side effects listings as well, such as the resolution of
gastritis—stomach inflammation that they’d been having—as well as
the disappearance of chronic headaches.

29 Replies to “Wakame Seaweed Salad May Lower Blood Pressure”

  1. Wakame or miyeok (as the Koreans call it) is very popular in Korea. The problem is that, according to an investigation conducted by the Korean government, wakame is found to be the second-highest source of cadmium (see the list below. source http://health.chosun.com/site/data/html_dir/2009/11/03/2009110303559.html). This is not so surprising knowing how polluted the seas are. You are all avoiding fish due to mercury and PCB, right?

    The confusing things is, many personal blogs and newspaper articles encourage the consumption of wakame saying wakame is good for removing heavy metals like cadmium because it absorbs them and then takes it to the outside of body. Of course those personal blogs and articles do not cite any studies or provide any convincing evidence. It is very likely that they just had heard about it from somewhere and posted it without much investigation.

    Of course, the cadmium in wakame may not be lethal dose, otherwise no one would eat it. But I eat it often, the negative effect will be accumulated, which is why those metals are dreadful: once they get into our body, they are almost impossible to remove. If the health benefits could be obtained by eating other foods, there is no need to take the risk by eating wakame. I tried to figure out who was right, but there was not enough information on the Internet. And I could not find any one to ask about it.

    1st: Nori or gim 0.0023mg
    2nd: Wakame or miyeok 0.0018mg
    3rd: Spinach 0.0009mg
    4th: Dried squid 0.0008mg
    5th: Squid 0.0007mg

  2. It would probably make a difference that wakame salad found at sushi restaurants is likely loaded with added sodium, right? Would it still be beneficial?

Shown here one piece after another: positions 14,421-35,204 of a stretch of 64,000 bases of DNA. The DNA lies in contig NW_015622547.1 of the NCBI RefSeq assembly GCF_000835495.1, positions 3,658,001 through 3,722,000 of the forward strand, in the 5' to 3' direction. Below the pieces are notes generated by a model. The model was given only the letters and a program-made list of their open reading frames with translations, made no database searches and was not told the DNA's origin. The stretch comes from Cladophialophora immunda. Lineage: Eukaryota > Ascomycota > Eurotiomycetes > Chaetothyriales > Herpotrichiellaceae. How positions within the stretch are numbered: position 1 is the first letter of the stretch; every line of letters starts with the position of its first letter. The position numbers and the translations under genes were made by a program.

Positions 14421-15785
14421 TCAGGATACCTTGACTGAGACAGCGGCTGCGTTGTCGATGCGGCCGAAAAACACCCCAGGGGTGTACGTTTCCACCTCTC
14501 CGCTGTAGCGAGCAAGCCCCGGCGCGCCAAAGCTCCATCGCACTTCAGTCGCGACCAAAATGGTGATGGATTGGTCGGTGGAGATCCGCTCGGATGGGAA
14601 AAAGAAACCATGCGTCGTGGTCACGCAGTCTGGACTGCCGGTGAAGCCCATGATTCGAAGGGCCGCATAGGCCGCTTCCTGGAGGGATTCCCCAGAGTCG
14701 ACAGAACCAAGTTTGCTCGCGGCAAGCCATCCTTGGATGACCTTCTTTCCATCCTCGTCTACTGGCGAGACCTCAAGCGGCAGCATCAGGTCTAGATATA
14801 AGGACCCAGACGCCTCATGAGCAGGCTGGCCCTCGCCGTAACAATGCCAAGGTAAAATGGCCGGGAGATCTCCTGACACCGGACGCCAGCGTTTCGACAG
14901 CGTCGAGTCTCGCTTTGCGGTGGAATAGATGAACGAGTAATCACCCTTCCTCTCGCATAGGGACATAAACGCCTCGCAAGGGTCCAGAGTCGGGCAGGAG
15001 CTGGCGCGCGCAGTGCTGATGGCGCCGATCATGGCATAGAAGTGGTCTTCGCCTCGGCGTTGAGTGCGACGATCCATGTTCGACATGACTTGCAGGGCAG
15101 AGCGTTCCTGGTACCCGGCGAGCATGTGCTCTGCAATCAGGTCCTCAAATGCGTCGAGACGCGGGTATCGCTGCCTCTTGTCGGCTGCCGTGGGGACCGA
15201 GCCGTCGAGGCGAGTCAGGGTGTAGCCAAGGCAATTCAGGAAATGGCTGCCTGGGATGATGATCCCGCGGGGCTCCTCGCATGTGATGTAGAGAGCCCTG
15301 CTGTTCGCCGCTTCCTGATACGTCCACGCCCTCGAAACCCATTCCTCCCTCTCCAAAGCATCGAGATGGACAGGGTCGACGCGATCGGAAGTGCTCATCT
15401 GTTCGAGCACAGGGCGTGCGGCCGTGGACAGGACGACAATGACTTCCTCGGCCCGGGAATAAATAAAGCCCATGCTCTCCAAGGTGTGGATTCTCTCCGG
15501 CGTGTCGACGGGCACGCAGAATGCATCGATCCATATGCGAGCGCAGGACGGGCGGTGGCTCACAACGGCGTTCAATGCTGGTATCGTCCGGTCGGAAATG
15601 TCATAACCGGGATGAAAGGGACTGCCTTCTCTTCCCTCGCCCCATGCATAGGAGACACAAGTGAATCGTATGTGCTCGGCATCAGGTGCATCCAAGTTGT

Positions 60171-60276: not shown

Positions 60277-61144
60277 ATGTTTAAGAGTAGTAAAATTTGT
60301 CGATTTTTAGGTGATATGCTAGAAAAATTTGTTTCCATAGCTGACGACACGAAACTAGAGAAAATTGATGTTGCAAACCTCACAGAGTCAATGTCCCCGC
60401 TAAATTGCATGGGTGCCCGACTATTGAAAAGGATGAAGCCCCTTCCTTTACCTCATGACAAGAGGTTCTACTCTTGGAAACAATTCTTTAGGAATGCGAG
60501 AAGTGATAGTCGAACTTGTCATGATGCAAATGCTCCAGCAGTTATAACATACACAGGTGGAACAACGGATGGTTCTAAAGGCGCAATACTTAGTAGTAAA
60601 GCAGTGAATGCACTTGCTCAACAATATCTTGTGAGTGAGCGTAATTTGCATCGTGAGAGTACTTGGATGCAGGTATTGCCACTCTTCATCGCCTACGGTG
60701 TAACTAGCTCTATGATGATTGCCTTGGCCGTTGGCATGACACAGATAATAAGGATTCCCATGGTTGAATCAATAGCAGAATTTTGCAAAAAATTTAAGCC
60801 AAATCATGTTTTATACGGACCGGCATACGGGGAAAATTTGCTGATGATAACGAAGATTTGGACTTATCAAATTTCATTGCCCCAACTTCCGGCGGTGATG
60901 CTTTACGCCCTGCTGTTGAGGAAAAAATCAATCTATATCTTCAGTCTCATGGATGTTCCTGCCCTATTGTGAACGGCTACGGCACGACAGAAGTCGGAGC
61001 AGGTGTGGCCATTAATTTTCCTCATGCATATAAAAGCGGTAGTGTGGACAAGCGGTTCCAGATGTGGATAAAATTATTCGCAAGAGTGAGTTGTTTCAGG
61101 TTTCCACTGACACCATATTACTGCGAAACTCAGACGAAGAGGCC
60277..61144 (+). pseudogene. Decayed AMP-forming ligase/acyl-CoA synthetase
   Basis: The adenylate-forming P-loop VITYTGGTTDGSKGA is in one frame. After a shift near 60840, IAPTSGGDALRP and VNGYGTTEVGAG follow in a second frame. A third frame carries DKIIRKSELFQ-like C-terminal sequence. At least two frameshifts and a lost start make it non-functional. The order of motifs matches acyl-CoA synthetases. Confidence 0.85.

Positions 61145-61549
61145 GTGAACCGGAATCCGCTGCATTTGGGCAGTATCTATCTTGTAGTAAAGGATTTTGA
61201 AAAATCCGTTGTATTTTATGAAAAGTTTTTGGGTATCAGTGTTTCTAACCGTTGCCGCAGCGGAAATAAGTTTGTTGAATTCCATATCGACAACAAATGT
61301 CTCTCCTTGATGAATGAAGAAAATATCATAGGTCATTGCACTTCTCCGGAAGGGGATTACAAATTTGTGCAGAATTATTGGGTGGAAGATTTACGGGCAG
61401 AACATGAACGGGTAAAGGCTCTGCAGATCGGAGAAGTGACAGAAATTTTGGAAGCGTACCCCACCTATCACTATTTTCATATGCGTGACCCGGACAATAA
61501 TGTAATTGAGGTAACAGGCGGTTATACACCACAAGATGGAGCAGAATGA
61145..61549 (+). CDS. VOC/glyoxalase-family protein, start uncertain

3. Simply eating a plant based diet lowers blood pressure naturally as well as cholesterol. Meat, eggs, and dairy clog arteries and lead to heart disease as well as a host of other diseases (type 2 diabetes anyone?). Simply removing the foods from the diet causing the lowered arterial function allows the body to heal itself. Fiber from plants will also help to cleanse and clear out our gut. There is no fiber in meat.

  4. I purchased and am listening to your book. However, I had a question about diabetes and the keto diet. One MD claims it actually treats the disease verse the symptoms so patients have to get off insulin. Which diet is better for diabetics? Keto or plant based?

  5. But no one has ever done that study UNTIL .. (everyone is expecting: NOW. – but instead:) the study out of Ecuador.
    Dr. Greger trolling. 😊👍

  6. I was a bit skeptical of these new Dr. Greger appearances in videos. But this one makes it All worth it! In fact, I stopped watching so I could comment! So funny how he munched off the seaweed during the end as it faded out. hahahaha!!!

  7. As long as it contains added sugar in store bought wakame salad, it’s not gonna help your health. Cook your own food is the way to go. We tend to think to find time to do things but actually we should make time to do things that matters to us. “No time” is an excuse. Not on my top priority is the reality.

Leave a Reply

Your email address will not be published. Required fields are marked *